The Influence of Iron Salts and Blow-By Products Including Water and N
O On the Oxidation of Automotive Lubricants
THE PENN STATE MICROOXIDATION TEST has been shown to be useful for the study of the influence of non-volatile compounds such as metal salts on the oxidative behavior of lubricants. A pressurized microoxidation test has been developed to evaluate the effects of water, NOx, and blow-by products on the stability of fully formulated motor oils. In this evaluation, H2O, N2O and metal salts of organic acids have been evaluated as single contaminants and in various combinations at test temperatures of 150°C and 175°C. In general, these studies show that water alone and in combination with the other contaminating products produces a substantial deposit under mild oxidation conditions such as oxidation at 175°C for less than ten hours. Under somewhat more severe conditions (175°C, time > 15 hours), relatively large amounts of soluble iron salts appear to dominate the deposition process. In a combination of all of the contaminants including the water, the water appears to dominate the early deposit-forming process. The presence of the other contaminants does not appear to affect the influence of water, although the water appears to limit or influence the deposition associated with these contaminants. In this test procedure, N2O does not appear to have a significant effect on the deposit formation alone or with other contaminants.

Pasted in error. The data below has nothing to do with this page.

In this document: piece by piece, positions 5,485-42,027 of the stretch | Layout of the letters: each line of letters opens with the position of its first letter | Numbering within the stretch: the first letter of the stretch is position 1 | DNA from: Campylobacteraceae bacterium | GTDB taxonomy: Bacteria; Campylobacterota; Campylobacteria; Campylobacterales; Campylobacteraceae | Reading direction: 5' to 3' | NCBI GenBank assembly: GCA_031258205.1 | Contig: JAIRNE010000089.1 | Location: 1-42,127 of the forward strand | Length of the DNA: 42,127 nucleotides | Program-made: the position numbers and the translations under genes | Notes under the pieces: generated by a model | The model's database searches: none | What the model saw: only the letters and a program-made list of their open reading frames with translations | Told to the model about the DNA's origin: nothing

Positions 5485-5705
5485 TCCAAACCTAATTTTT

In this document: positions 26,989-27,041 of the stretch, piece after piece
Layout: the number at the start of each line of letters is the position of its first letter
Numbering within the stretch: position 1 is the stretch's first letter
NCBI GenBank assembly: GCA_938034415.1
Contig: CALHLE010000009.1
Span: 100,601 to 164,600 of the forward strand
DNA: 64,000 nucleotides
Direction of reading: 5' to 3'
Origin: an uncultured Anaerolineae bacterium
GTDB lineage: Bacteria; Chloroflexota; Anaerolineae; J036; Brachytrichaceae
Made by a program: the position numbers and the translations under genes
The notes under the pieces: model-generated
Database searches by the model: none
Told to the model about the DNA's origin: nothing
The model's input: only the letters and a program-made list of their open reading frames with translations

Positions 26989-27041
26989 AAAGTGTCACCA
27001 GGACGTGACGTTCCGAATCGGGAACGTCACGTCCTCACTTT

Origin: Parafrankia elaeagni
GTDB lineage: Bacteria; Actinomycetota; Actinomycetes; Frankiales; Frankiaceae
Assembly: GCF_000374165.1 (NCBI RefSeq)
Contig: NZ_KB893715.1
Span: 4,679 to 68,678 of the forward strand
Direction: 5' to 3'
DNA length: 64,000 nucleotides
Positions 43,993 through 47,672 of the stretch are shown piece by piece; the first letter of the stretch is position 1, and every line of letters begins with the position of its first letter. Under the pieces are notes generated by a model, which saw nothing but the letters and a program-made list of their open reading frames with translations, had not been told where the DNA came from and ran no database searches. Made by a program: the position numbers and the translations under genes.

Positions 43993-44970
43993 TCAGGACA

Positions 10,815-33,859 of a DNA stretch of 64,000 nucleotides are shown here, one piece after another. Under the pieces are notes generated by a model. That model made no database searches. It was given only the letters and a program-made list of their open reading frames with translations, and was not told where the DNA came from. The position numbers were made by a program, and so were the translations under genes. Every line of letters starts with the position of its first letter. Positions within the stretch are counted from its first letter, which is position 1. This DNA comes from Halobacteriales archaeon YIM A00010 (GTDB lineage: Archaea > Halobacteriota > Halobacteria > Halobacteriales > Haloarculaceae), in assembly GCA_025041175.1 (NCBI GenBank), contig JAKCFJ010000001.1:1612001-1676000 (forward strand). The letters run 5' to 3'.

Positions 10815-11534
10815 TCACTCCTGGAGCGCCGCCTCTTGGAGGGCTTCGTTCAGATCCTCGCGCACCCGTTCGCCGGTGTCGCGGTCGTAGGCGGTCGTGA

Citation: Dincher, T., Klaus, E., and Duda, J., "The Influence of Iron Salts and Blow-By Products Including Water and N2O On the Oxidation of Automotive Lubricants," SAE Technical Paper 881617, 1988, https://doi.org/10.4271/881617. Download Citation
T. H. Dincher, E. E. Klaus, J. L. Duda
Chemical Engineering, Penn State Univ., University Park, PA
1988 SAE International Fall Fuels and Lubricants Meeting and Exhibition
SAE Transactions Journal of Fuels and Lubricants-V97-3